The GENERAL THEORY marked a sharp break with this earlier position on the quantity theory. With logical and empirical foundations of traditional economics, he redefined the problems of economic theory as the determination of aggregate demand, and thus employment, which still hold true today. In the short run, within the framework that deals with a capitalist economy subject to BOOMS AND CRISES, Keynes introduced new tools of analysis, such as consumption function, investment function and LIQUIDITY PREFERENCE function and a concept of UNCERTAINTY that is unfamiliar to mainstream economics.

The analysis of Keynes produced the shocking, REVOLUTIONARY results that MONEY WAS NOT NEUTRAL. Accordingly, in contrast to the QUANTITY THEORY, his results proved that real variables depend in an essential way on MONETARY AND FINANCIAL VARIABLES; that price level does not depend solely upon or even mainly on the quantity of MONEY; and that the TRANSITIONAL PROCESS are such that a DECENTRALIZED, UNPLANNED capitalist economy-IN WHICH ECONOMIC POLICY did NOT INTERVENE in an appropriate manner- was  NOT A SELF-CORRECTING SYSTEM that tended toward stable equilibrium at FULL EMPLOYMENT. His new full employment, if achieved, was itself A TRANSITORY STATE.



The General Theory with 384 pages, which is nothing comparing with the Wealth of Nations of Adam Smith, and 2,500 pages “Das Kapital” of Karl Marx, was an immediate success. Paul M Sweezy noted in his obituary of Keynes that The General Theory produced a “sense of liberation and intellectual stimulus… among younger teachers and students in all the leading British and American Universities.” Keynes “opened up new vistas and new pathways to a whole generation of economists.”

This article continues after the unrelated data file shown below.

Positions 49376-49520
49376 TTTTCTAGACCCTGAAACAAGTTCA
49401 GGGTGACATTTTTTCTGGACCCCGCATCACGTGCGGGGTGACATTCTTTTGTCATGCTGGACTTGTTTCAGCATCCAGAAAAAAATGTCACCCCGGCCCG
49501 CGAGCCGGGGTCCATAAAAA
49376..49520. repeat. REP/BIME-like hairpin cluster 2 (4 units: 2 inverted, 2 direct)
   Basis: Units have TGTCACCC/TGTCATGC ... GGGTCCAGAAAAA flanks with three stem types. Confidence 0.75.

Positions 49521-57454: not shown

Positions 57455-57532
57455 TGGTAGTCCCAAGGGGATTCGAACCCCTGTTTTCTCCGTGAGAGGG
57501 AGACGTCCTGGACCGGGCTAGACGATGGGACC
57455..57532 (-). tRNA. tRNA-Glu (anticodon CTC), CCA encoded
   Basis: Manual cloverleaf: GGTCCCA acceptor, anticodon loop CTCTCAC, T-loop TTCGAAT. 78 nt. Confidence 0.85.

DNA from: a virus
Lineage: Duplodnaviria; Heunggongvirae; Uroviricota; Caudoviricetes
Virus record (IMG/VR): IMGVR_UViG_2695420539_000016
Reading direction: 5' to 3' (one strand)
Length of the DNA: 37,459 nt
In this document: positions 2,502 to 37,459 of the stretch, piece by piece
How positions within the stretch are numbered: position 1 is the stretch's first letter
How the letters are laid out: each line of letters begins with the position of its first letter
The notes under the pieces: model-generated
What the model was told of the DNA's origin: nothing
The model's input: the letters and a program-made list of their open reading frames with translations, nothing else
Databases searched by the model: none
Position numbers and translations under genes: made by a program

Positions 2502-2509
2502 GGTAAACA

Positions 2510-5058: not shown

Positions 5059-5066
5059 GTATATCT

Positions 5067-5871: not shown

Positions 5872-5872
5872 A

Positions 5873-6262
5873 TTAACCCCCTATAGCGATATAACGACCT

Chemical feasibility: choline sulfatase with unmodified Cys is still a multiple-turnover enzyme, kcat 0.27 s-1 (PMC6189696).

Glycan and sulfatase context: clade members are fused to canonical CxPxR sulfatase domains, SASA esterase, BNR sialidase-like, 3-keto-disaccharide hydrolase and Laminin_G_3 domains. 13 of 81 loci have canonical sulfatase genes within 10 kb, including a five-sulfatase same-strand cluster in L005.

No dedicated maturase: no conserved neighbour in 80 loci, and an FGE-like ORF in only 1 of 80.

In the General Theory Keynes shifts his focus from how money affects investment’s share of a fixed output to what in general determines aggregate demand and output. The primary focus was shifted from the determinants of the level to the joint determination of output. In a Treatise on Money, at all times the quantities of output and employment are determined by real factors, independent of monetary influences.

It is assumed that the market mechanisms of a decentralized capitalist economy will lead to what may be labeled full employment, and that deviations from full employment are transitory and can be imputed to nonessential flaws, such as a poorly conceived Federal Reserve policy or the existence of an unstable banking system.

The view of the General Theory is that no such tendency to achieve and then sustain full employment exists; that is, the basic path of a capitalist economy is CYCLICAL.

Keynes’s view and analysis well reflect today’s status of economy. US economy that has been established on the basis of western capitalism is struggling with reducing high rate of unemployment(8%), with raising  higher rate of economic growth with all the high technology and financial ability.

As global economy is still in the mire of economic recession without a recovering sight ahead. Without manifest solution for the global recession, policy makers in every nation hover back and forth with market economic theory and Keynesian tools of monetary and fiscal apparatus, causing the share of government sector out of GDP to increase 50 % or more of GDP, which are resulting in higher federal deficit, higher debt ratio to GDP leading to lowering productivity. Are we on the brink of witnessing collapse of 250 year old western capitalism and  of being taken over by China’s state capitalism ? Keynes at least greatly contributed to development of policy tools via taxation and monetary variables to correct the disequilibrium that was generated from deviations in consumption, production, investment function which boil down to balance between aggregate demand and aggregate supply in the economy. On one side we need to create an effective demand and needed investment to keep full employment, but also on the other we need producing and reproducing an appropriate supply to meet the changing aggregate demand in order to maintain the capitalistic market system, which still gives us the most attractive  incentive  to work  diligently and reward for hard work  under the condition of unconstrained competition and morality in trade.

Dr. Hubert Hojae Lee, economist, Commissioner of Human Rights,

CEO of Benjamin Hubert International Consulting Group